Harry Potter and the Half-Blood Prince

Game review by
Jinny Gudmundsen, Common Sense Media
Harry Potter and the Half-Blood Prince Game Poster Image
Dark themes handled with a light touch in this 6th game.
Popular with kidsParents recommend

Parents say

age 11+
Based on 5 reviews

Kids say

age 9+
Based on 18 reviews

A lot or a little?

The parents' guide to what's in this game.

Positive messages

The game teaches kids about the importance of doing the right thing even though you might be putting yourself in peril. Dumbledore's actions show this theme, as do Harry's.

Positive role models & representations

Harry, Ron, and Hermione are great role models about being good friends. Harry, Dumbledore, and others all make sacrafices for the greater good.

Ease of play

This game is fun but very easy to play. It is set up so that kids and casual players will experience success. While you may have to retry a potion, or play a Quidditch sequence again to win, you will never lose or have to restart a level -- you just keep replaying a section until you win. And if you are struggling through a section, the game adjusts to become easier.

Violence

The fantasy violence is represented as magic spells cast from a wand. The spells can knock you down, suspend you upside down in midair, and freeze or stuns you. You will witness a spell that appears to kill a main character. On one scene you will have to cast magic to keep scary undead characters from crawling out of lake toward you.

Sex

There is a kiss shown between Harry and Ginny. You will hear talk about "snogging" (kissing) and "getting lucky."

Language

There is an occasional use of "hell."

What parents need to know

Parents need to know that this visually-exciting action adventure game is based on the movie and book of the same name. While the themes in J.K. Rowling's sixth book in the Harry Potter series are darker and more mature than those in the earlier books, this video game does not focus that much on those themes. While kids will fight the Death Eaters at the end of the game, those fights don't seem that frightening because they have been practicing dueling with other kids at Hogwarts throughout the game. Kids will see Harry being kissed. And while the video cutscenes at the end of the game show a main character being hit with a magic spell that causes him to go over the edge of the Astronomy Tower, it happens quickly and then the story moves on.

User Reviews

Parent of a 17 year old Written bylove2 October 6, 2009

ok game

i got this game for my b day and it was not the best game ever but it was pritty good. kids under 8 wont really understand the game and plus the game is inaprop... Continue reading
Adult Written byPockets420 September 11, 2009

its a good game if you are trying to get them all

I liked this game there was some stuff in it that could have been twecked i like the dolling the only thing i didn't like about this game was the story sto... Continue reading
Teen, 16 years old Written bybosbos July 13, 2009
love it
Kid, 9 years old March 24, 2011

best

this game is good.PLAY IT.ON XBOX360

What's it about?

HARRY POTTER AND THE HALF-BLOOD PRINCE is the sixth Harry Potter game produced by Electronic Arts. This time around, Electronic Arts provides kids with the ability to openly explore a beautifully rendered Hogwarts castle and grounds. The retelling of the story of J.K. Rowling's sixth Harry Potter book is shown through video cutscenes that are triggered by the accomplishment of various tasks. As Harry, you will attend class, help others, practice making potions, go to Quidditch practice and play in matches, and practice dueling. The game culminates with your fighting some Death Eaters. Throughout your castle explorations, you will find Crests to collect which unlock new and bonus content, including the ability to duel with a friend.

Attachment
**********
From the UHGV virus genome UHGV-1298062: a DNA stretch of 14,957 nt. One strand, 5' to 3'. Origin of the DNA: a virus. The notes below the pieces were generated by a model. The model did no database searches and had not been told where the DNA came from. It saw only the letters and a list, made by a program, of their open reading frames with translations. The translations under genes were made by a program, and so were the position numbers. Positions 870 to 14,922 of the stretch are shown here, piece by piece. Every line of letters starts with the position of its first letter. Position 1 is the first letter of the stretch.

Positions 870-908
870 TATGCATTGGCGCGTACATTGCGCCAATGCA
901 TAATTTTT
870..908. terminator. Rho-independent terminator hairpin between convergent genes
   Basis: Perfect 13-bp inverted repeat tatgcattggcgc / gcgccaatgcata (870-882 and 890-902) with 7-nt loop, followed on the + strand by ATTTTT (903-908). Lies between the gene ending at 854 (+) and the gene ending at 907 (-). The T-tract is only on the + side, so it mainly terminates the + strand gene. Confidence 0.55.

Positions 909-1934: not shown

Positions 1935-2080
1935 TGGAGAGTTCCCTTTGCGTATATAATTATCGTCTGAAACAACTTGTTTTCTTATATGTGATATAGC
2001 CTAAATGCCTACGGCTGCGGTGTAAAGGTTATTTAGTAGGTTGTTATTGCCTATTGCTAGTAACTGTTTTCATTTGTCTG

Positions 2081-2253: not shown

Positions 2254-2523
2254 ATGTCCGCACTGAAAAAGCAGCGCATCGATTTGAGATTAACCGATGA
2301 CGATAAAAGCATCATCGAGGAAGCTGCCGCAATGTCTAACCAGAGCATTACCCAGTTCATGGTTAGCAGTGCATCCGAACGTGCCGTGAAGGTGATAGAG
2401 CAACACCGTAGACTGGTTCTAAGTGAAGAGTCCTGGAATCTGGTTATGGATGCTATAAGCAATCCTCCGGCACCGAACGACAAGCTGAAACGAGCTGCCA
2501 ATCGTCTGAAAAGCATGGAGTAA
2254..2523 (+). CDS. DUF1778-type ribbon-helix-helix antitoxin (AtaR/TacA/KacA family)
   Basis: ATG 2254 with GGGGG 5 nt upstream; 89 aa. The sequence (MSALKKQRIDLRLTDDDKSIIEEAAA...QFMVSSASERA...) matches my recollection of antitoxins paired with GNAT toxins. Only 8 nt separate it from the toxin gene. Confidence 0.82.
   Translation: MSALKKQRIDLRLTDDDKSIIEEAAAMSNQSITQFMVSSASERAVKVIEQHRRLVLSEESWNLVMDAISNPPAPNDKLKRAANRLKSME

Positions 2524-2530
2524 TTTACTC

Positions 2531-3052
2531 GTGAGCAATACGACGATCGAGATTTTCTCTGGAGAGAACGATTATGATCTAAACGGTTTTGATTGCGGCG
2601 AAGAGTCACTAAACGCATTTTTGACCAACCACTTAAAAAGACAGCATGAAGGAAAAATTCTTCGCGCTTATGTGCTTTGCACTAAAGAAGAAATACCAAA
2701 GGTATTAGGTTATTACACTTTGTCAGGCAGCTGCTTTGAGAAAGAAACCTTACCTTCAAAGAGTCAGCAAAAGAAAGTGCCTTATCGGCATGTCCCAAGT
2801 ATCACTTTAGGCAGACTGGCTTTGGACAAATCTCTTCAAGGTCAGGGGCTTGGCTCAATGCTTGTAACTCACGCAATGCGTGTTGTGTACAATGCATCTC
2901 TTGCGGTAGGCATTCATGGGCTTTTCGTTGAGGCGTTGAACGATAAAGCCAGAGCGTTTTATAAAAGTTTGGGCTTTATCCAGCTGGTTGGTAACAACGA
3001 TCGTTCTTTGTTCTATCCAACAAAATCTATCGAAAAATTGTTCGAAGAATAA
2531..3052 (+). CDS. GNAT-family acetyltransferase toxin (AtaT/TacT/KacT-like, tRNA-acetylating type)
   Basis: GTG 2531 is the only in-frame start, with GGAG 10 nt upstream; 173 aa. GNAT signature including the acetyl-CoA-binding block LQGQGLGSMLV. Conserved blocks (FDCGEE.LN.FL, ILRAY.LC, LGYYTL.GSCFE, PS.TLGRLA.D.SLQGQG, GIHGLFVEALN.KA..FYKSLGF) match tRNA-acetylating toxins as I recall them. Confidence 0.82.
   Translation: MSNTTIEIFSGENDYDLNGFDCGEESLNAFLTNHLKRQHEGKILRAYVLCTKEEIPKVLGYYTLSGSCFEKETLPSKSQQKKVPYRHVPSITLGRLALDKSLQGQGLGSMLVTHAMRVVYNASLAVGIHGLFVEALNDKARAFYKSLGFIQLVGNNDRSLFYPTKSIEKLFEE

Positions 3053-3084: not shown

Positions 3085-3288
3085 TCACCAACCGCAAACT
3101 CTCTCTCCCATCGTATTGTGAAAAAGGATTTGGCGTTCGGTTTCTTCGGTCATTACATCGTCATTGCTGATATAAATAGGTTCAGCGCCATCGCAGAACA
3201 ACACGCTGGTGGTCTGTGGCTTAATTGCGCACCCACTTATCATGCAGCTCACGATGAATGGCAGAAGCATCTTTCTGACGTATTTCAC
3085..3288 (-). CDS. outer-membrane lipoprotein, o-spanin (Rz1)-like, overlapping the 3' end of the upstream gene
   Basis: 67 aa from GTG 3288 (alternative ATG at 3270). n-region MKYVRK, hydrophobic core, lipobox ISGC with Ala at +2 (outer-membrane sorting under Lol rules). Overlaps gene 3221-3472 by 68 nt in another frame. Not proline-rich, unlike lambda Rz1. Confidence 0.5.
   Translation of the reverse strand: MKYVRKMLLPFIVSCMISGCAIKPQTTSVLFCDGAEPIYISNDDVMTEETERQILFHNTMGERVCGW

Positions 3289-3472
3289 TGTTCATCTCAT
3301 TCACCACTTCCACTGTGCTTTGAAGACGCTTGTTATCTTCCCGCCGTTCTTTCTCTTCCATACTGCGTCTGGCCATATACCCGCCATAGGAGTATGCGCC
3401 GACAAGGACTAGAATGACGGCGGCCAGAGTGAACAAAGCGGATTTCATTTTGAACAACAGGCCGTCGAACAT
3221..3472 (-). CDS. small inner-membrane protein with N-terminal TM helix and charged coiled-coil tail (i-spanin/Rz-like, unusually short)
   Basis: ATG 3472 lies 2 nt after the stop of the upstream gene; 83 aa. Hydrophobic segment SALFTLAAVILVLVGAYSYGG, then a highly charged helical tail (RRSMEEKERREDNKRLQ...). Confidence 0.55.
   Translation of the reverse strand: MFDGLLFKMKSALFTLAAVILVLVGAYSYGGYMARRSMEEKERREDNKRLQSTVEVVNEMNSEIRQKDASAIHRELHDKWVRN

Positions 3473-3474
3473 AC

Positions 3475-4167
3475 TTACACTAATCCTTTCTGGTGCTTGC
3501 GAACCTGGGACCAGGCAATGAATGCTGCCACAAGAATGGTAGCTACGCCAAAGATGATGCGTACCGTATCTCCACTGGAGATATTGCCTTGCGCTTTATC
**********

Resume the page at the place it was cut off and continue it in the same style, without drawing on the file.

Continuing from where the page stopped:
Is it any good?

Harry Potter and the Half-Blood Prince is a good game for kids and casual gamers who are fans of Harry Potter. Because it is an easy game and relatively short (about 8-10 hours in the story mode), it is not a good fit for video game enthusiasts. Because the story is compacted, it might not make sense to those who have not read the source book or seen the movie on which it is based. It is not as deep as previous games; in this one you will basically be brewing potions, dueling using magic, and flying during Quidditch.

What the game does well is provide realistic animations of all of the actors from the movie – you can even see emotion on the characters' faces. And many of the actors have lent their voice talents to the game including Rupert Grint as Ron and Bonnie Wright as Ginny. The wizard dueling is easier than in earlier games because the controls are more responsive (especially on the Wii) and you can now move Harry while he is casting magic spells. Likewise, the navigation is easier because you always have an option of calling up Nearly Headless Nick (a ghost) to lead you through the castle. We also found that flying on a broomstick had improved from previous games.

Talk to your kids about ...

  • Families can talk about why all things Harry Potter are so popular?

  • How can game creators suck you into the game? Is it by presenting an emotionally charged story line? Or do they hook you by presenting fun activities to do. What happened here?

  • Is this game different from the book? From the movie? In what way?

Game details

Themes & Topics

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